We gave it a B+
Last spring, Stanley Kubrick’s moving epic about a rebellious Roman slave was resurrected in theaters with all its original battle-scene gore and ancient- Rome venality intact. Now you can see the same restored, full-length cut of Spartacus in two simultaneous cassette releases. A letterboxed edition preserves the movie’s wide-screen imagery by shrinking it to fit between black bands above and below the picture; a cropped version blows up the picture to fill the TV screen, lopping off the sides. They’re both compromises, but which one compromises less?
The answer depends on whether you’re more interested in huge arcs of history or small moments of humanity. Letterboxing makes it easier to follow Kubrick’s elaborate choreographing of the slave revolt led by Spartacus (Kirk Douglas) and a batallion of fellow gladiators against Roman commander Crassus (Laurence Olivier). The proscenium sweep of senate chambers, the chess- piece moves of platoons across vast fields, the terror in the gladiators’ split-second reactions when soldiers rush at them from far ends of the frame — all this comes through beautifully.
Unfortunately, letterboxing obscures something crucial to the movie’s evocation of scale: a sense of shared intimacy with the characters. Only the cropped version, with actors filling the frame, really brings out the simmering resentment beneath Peter Ustinov’s fawnings as a slave trader, and the twitch in Olivier’s sneer when he confronts his sly nemesis, Gracchus (Charles Laughton).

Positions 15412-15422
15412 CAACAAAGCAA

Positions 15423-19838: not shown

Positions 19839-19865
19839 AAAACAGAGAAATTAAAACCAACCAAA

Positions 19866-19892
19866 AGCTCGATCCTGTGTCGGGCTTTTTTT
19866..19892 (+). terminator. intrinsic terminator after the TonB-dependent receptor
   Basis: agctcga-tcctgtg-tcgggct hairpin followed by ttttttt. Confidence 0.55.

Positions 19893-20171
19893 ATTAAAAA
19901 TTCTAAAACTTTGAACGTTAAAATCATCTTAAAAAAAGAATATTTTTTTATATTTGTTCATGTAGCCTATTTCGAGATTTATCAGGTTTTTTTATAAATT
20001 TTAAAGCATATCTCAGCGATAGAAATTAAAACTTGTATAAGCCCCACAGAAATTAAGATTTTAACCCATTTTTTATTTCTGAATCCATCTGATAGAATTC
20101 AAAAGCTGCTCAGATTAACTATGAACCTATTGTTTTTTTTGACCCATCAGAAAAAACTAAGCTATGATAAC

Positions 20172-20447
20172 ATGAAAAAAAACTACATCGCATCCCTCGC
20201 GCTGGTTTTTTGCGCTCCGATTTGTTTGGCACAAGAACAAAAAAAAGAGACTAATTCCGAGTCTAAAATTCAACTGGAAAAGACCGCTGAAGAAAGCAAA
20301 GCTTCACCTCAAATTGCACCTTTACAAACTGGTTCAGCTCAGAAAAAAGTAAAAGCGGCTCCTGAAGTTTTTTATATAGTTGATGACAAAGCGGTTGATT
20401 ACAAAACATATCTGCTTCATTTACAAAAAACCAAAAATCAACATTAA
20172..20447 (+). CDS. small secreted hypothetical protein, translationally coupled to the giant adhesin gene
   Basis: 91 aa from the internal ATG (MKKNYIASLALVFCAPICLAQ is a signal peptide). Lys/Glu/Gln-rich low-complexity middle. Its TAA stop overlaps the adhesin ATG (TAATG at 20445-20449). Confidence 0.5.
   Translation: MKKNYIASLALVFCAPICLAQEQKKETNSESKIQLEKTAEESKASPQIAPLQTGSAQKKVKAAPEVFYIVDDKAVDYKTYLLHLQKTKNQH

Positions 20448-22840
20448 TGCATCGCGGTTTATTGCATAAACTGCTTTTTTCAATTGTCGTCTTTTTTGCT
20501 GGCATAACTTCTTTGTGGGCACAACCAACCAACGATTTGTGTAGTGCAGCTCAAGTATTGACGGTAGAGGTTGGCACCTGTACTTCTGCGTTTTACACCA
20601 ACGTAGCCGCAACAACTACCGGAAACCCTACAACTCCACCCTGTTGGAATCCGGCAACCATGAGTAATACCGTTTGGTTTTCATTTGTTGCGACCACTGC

Too bad the good-guy casting doesn’t hold up as well under scrutiny. Douglas and his warriors, fine when fighting, become bland ciphers when they have to suggest nobility, and Tony Curtis seems utterly wrong playing Antoninus, ”singer of songs.” He’s a mangler of words, crying out a Brooklynese ”Spotticus!” and reciting ancient tales set ”lawn ga-go.” But Jean Simmons, as Spartacus’ wife, Varinia, smoothes over the laughable moments. She’s full of quiet outrage, a walking icon of the slaves’ plight. When she speaks tearfully in the finale, above the strains of Alex North’s romantic score, she makes it a four-hankie weeper — no matter which format you watch it in. Still, stick with the cropped cassette if you want to see the impact of political upheaval played out on faces and not just landscapes. Letterboxed version: B+ Cropped version: A-